The Reserve Bank of Australia’s (RBA) decision to hike the cash rate by a further 25 bps in June has, according to observers, marked a shift in the central bank’s “narrow path” strategy, which aims to return inflation to the 2-3 per cent target without reversing inroads in the labour market.
The RBA’s 400 bps in cumulative increases since May 2022 has taken the cash rate to 4.1 per cent from its COVID-era record-low of 0.1 per cent.
The rapid “normalisation” of interest rates, however, has surprised observers, which had expected the RBA to wind down the hiking cycle amid signs of sustained disinflation.
Economists have now revised their forward projections, with the June decision pointing to a sustained hawkishness in the RBA board’s outlook.
The Commonwealth Bank, which had called a terminal rate of 3.85 per cent, is now forecasting at least one more hike in August, taking the peak cash rate to 4.35 per cent.
However, the bank flagged the risks of hikes in both July and August, lifting the cash rate to 4.6 per cent.
HSBC Australia chief economist Paul Bloxham has also updated his cash rate outlook, calling a terminal cash rate of 4.35 per cent.
“There appears to have been a distinct shift in the RBA’s reaction function recently, with the central bank becoming more concerned about high inflation embedding itself in the economy,” he said.
“The RBA’s earlier approach seemed to indicate a greater tolerance to risks concerning the speed with which inflation returns to its target.”
Mr Bloxham attributed the shift to changing wages growth expectations, fuelled by the Fair Work Commission’s recent decision to lift the minimum wage by 5.75 per cent.
Adding to this was signs of a weakness in productivity and the subsequent surge in unit labour costs, and “sticky” services inflation in international markets.
“Despite the fact that the RBA’s tightening is already slowing growth and that much of the effect of the already-delivered tightening is yet to fully flow through to the economy, it seems the central bank has lost patience with waiting for inflation to fall,” he said.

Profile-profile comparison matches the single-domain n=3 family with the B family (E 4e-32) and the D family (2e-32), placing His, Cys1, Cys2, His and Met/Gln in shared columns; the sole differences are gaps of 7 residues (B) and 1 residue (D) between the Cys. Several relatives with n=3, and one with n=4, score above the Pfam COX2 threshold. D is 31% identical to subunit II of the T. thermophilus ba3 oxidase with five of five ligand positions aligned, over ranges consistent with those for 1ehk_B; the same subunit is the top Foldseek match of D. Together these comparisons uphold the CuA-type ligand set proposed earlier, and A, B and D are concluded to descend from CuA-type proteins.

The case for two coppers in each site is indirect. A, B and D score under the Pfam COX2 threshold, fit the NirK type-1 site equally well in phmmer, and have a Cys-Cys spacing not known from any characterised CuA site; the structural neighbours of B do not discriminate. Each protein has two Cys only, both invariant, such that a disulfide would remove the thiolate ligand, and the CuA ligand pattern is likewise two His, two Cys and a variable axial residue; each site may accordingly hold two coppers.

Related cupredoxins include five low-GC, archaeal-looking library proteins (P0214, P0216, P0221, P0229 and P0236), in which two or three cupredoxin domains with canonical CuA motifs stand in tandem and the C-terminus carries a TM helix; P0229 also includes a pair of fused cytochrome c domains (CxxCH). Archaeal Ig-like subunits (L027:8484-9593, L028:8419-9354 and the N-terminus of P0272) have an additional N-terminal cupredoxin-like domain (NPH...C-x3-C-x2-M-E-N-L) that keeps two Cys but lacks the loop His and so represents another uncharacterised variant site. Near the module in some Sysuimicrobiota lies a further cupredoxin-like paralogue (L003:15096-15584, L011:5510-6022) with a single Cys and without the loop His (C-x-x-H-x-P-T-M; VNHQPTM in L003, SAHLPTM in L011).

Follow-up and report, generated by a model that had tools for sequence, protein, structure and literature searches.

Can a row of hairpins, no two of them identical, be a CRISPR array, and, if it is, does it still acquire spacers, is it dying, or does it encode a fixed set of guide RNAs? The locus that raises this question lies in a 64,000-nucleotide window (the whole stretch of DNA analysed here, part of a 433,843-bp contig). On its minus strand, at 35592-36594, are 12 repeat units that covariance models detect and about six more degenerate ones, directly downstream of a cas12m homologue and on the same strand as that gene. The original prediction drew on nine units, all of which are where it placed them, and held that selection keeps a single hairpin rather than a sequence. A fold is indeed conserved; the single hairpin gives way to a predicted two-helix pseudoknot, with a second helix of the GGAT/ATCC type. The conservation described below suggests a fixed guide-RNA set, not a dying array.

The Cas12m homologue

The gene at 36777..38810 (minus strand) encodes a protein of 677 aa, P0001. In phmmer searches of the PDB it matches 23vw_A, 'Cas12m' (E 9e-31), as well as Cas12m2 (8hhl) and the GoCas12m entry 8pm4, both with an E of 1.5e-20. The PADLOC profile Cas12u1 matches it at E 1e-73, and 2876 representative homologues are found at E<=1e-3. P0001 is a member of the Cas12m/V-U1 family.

Moreover, both CBA and HSBC have pushed back their projections for interest rate relief, and no longer anticipate cuts to the cash rate in the back end of 2023.
“We have pushed out the timing of the start of rate cuts from Q4 23 to Q1 24 — we expect 125 bp of easing in 2024 (50 bp of rate cuts in Q1 24 and 25 bp of easing in each of Q2 24, Q3 24 and Q4 24, which would take the cash rate to 3.1 per cent at end 2024),” CBA noted.
“We believe policy easing will be required of this magnitude over 2024 to avoid the unemployment rate lifting back to 5.0 per cent — around the level it sat pre-pandemic, which is above most estimates of the NAIRU (non-acceleration inflation rate of unemployment).
“It is possible that the RBA leaves policy on hold for an extended period in 2024 if inflation proves hard to return to target and unit labour costs don’t decelerate enough.”
HSBC does not expect cuts to the cash rate until the second quarter of the 2024 calendar year, with the cash rate projected to fall to just 3.5 per cent by the end of next year.
Tighter-than-expected monetary policy settings are expected to dent hopes of a “soft landing” from inflationary heights, with CBA and HSBC claiming there’s a 50/50 probability of a recession.
According to the latest national accounts data, Australia’s GDP grew 0.2 per cent over the three months to 31 March 2023, down from 0.6 per cent (revised up) in the December quarter.
The March quarter result fell below market expectations of a 0.3 per cent increase.
In annual terms, GDP grew 2.3 per cent in the 12 months to March 2023, down from 2.8 per cent in the previous quarter and from 3.3 per cent in the previous corresponding period.
GDP per capita also fell, dropping from 0.8 per cent in the 12 months to 31 December 2022 to 0.3 per cent over the year to March 2023.
However, the RBA’s tightening bias has been reinforced by an “upside surprises” on inflation in Australia and overseas, wages growth, and housing prices.
In a recent address to participants at the Morgan Stanley Australia Summit, governor Philip Lowe stressed that despite these perceived policy shifts, the RBA remains resolute in its commitment to tackle inflation.
The latest monthly consumer price index (CPI) reported an annualised inflation of 6.8 per cent in April — the first acceleration in 2023.
Wages grew 0.8 per cent over the March quarter and 3.7 per cent in annual terms, with the Fair Work Commission’s recent decision to lift the minimum wage by 5.75 per cent stoking fears of a wage price spiral.
National home values have now increased for three consecutive months, with CoreLogic reporting a 1.2 per cent increase in May preceded by a 0.5 per cent rise in April and a 0.6 per cent increase in March.
“We felt like we couldn’t just sit idly and say, ‘well, this is just all accidental — it’s all just noise’,” governor Lowe said.
“The conclusion we reached was that this represents upside risks to the inflation outlook in Australia.
“We have been prepared to be patient and get inflation back to target but our patience has a limit, and the risks are starting to test these limits.”